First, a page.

American: The Bill Hicks Story, 2009.
Directed by Matt Harlock and Paul Thomas.
Photo-animated documentary on the life of comedian’s comedian Bill Hicks.
Now here’s an odd fish. A film about the life of Bill Hicks that’s roughly half as vitriolic, hardly anywhere near as controversial, and barely a fraction as funny as the man himself.
American, devised by animators/directors Paul Thomas and Matt Harlock, relies on extensive interviews with family and close friends, interspersing their recollections to narrate a overly drawn out, rambling story about the life of a comedian. A comedian who, on the evidence of the stand-up material displayed here, was clearly a quick-witted, darkly hilarious and fiercely individualistic man.
Sadly, the only evidence that such a man existed and that his name was Bill Hicks lies in the aforementioned excerpts of live stand-up material, which are few and far between. The bulk of the film is taken up by Hicks’ family and friends, taking us through a living, moving photo album of his life.
Well. They might be living, moving photos if cardboard cut-outs counted as life and their jerky, side to side shaking counted as movement.
This ‘photo-animation’ dominates all of American (excluding the odd stand-up clip or rare home video snippet) and boy does it get irritating. Any glimmer of introspection, any prospect of a thoughtful moment is utterly demolished by a crude CG puppet show that masquerades as animation.
Granted, these visuals give the viewer a strong sense of place and time. We’re always certain where and when we are in Hicks’ life. The trouble is that we don’t care. A fascinating and somewhat tragic life is dealt with in the most generic and skittish fashion as the family and friends spout forth old chestnuts and clog up valuable screen time with mushroom anecdotes that go nowhere and provide no punchline, and certainly no insight into Hicks the human being.
Dedicated Bill Hicks fans will get considerable pleasure from the rare early footage of his highly successful teenage career. These thoroughly enjoyable clips reveal a Hicks the world might hardly recognise, but for his wry delivery and refreshingly intelligent approach.
American gives a fairly comprehensive account of the facts and events surrounding Hicks, but it seems oddly oblivious to the power behind a good documentary, which is people. People can be fascinating; people can be engaging; people can tell a story. Photo montages don’t quite have the same effect.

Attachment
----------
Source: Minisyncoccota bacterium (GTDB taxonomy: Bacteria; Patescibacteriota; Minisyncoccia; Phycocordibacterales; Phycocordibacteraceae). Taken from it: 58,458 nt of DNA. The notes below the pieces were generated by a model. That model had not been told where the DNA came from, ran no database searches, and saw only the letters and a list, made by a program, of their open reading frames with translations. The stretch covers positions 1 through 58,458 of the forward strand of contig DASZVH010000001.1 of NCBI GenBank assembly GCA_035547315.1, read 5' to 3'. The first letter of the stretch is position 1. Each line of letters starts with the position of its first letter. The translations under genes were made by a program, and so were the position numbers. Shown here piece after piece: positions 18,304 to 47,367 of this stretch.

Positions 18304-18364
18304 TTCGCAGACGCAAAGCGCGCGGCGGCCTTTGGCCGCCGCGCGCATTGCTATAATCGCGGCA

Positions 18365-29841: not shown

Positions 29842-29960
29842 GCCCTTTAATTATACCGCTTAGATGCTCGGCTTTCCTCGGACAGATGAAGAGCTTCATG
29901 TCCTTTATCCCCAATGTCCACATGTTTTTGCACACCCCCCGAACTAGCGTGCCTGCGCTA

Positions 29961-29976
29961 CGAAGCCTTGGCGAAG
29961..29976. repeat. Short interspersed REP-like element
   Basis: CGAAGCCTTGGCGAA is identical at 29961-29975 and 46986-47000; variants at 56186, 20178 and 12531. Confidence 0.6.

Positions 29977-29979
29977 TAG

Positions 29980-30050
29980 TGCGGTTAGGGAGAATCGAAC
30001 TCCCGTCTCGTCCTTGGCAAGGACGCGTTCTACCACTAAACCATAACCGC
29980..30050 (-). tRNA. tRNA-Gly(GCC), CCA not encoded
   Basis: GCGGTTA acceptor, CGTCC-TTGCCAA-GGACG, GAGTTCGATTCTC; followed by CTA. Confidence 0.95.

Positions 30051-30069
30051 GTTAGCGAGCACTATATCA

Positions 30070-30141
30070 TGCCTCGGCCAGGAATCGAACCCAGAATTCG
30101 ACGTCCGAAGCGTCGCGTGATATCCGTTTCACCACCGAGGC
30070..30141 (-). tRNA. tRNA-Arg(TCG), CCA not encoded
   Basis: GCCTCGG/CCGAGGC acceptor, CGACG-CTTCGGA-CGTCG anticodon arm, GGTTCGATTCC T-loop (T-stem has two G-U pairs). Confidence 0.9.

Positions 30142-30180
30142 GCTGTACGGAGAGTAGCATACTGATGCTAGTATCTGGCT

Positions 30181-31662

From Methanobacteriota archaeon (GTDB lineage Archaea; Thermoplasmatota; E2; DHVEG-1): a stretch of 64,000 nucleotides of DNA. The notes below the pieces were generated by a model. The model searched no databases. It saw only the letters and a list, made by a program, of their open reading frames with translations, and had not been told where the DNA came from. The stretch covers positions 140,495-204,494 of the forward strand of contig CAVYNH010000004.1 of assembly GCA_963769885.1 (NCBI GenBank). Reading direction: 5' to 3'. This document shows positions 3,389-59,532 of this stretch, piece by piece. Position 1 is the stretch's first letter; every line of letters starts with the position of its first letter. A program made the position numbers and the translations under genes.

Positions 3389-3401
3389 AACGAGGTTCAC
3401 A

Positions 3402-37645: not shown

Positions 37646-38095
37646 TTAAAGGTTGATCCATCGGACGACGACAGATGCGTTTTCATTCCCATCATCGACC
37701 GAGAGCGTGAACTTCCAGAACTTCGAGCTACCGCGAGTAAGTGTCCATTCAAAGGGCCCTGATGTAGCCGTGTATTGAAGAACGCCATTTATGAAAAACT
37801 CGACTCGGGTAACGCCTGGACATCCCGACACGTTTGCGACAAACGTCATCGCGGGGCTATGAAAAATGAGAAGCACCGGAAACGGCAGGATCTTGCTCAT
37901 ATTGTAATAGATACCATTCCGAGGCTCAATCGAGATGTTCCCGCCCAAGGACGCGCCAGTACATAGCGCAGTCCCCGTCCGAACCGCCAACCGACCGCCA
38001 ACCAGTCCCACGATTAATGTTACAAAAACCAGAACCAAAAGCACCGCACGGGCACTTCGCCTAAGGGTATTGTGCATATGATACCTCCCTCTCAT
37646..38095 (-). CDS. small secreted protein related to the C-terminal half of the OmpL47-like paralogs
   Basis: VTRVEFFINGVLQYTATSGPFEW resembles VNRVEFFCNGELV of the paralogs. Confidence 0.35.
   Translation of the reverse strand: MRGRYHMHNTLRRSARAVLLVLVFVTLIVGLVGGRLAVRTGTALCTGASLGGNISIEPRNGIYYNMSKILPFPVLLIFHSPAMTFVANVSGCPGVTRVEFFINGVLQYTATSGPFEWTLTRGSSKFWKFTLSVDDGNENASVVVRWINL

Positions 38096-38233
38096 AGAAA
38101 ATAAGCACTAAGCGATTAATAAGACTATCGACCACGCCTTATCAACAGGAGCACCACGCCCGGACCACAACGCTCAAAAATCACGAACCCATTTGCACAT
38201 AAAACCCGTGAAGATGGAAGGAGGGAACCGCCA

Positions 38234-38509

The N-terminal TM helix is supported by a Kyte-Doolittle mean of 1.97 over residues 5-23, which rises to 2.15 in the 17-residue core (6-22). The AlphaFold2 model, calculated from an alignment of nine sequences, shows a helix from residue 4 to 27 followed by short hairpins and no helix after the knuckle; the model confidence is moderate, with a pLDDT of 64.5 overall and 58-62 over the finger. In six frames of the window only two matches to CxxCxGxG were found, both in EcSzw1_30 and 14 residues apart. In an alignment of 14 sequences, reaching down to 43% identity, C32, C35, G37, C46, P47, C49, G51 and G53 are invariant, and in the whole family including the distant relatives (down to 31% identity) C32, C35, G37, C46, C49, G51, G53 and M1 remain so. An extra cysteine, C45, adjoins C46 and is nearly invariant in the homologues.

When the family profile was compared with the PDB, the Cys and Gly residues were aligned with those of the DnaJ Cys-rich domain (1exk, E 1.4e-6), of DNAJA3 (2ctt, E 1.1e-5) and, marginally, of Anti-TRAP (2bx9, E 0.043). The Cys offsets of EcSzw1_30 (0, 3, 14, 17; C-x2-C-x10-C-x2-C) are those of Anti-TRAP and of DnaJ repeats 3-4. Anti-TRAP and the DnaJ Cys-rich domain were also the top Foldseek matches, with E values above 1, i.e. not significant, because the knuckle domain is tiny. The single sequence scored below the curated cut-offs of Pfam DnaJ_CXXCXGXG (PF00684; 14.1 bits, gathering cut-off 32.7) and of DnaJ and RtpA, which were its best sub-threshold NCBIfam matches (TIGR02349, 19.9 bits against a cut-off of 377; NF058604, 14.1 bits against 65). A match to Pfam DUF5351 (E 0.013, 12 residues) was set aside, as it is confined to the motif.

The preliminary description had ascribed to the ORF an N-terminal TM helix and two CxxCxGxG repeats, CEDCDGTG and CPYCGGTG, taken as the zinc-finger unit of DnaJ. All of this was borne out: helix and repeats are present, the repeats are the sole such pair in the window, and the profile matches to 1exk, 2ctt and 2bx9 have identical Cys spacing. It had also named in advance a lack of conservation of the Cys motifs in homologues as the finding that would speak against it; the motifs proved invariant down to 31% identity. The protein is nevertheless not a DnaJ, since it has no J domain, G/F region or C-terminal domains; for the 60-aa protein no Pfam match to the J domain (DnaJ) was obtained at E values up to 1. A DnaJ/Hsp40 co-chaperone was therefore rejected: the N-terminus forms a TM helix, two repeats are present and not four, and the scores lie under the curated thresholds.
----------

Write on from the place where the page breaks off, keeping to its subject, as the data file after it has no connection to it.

That Hicks is dead and can’t be interviewed is no excuse – he befriended and influenced an entire generation of comics; American shuffles this potential goldmine of documentary material into a confounding Hollywood walk of fame style sequence. We’re forced to watch names like Steve Martin, Jay Leno, and even David Letterman float past, wondering why we aren’t seeing these guys sat in a chair, cracking jokes, waxing lyrical about how Hicks changed the comedy scene forever. That would’ve been a documentary worth seeing.
The film attempts to cover Hicks’ alcholism and depression with glancing, careful strokes, but even Hicks’ worst mistakes and indiscretions are glossed over and dealt with in the crudest fashion possible, thanks again to the ill-judged cut-out photo album approach.
Thankfully, American finally and definitively grounds itself in Hicks’ overriding humanity and clarity of vision, making a better case for Hicks’ ongoing legacy in the last five minutes than it managed in the preceding ninety five.
It seems that Bill Hicks has regrettably joined the pantheon of cultural icons whose genuine worth is too often lost amongst overdone sentiments, hero worship and post-mortem publicity. Just as the life and work of Jimi Hendrix casts a long shadow over every boy who picks up an electric guitar, Bill Hicks’ unshakable label as the comedian’s comedian looms over any young comic who picks up a microphone. American sets up Hicks as the be-all and end-all of modern comedy, and it just doesn’t fit. It seems too manufactured, too laboured, and worst of all, misses the point he was trying to make:
“It’s not enough just to make jokes. You gotta kick over some tables.”
- Bill Hicks, 1994
Simon Moore is a budding screenwriter, passionate about films both current and classic. He has a strong comedy leaning with an inexplicable affection for 80s montages and movies that you can’t quite work out on the first viewing.
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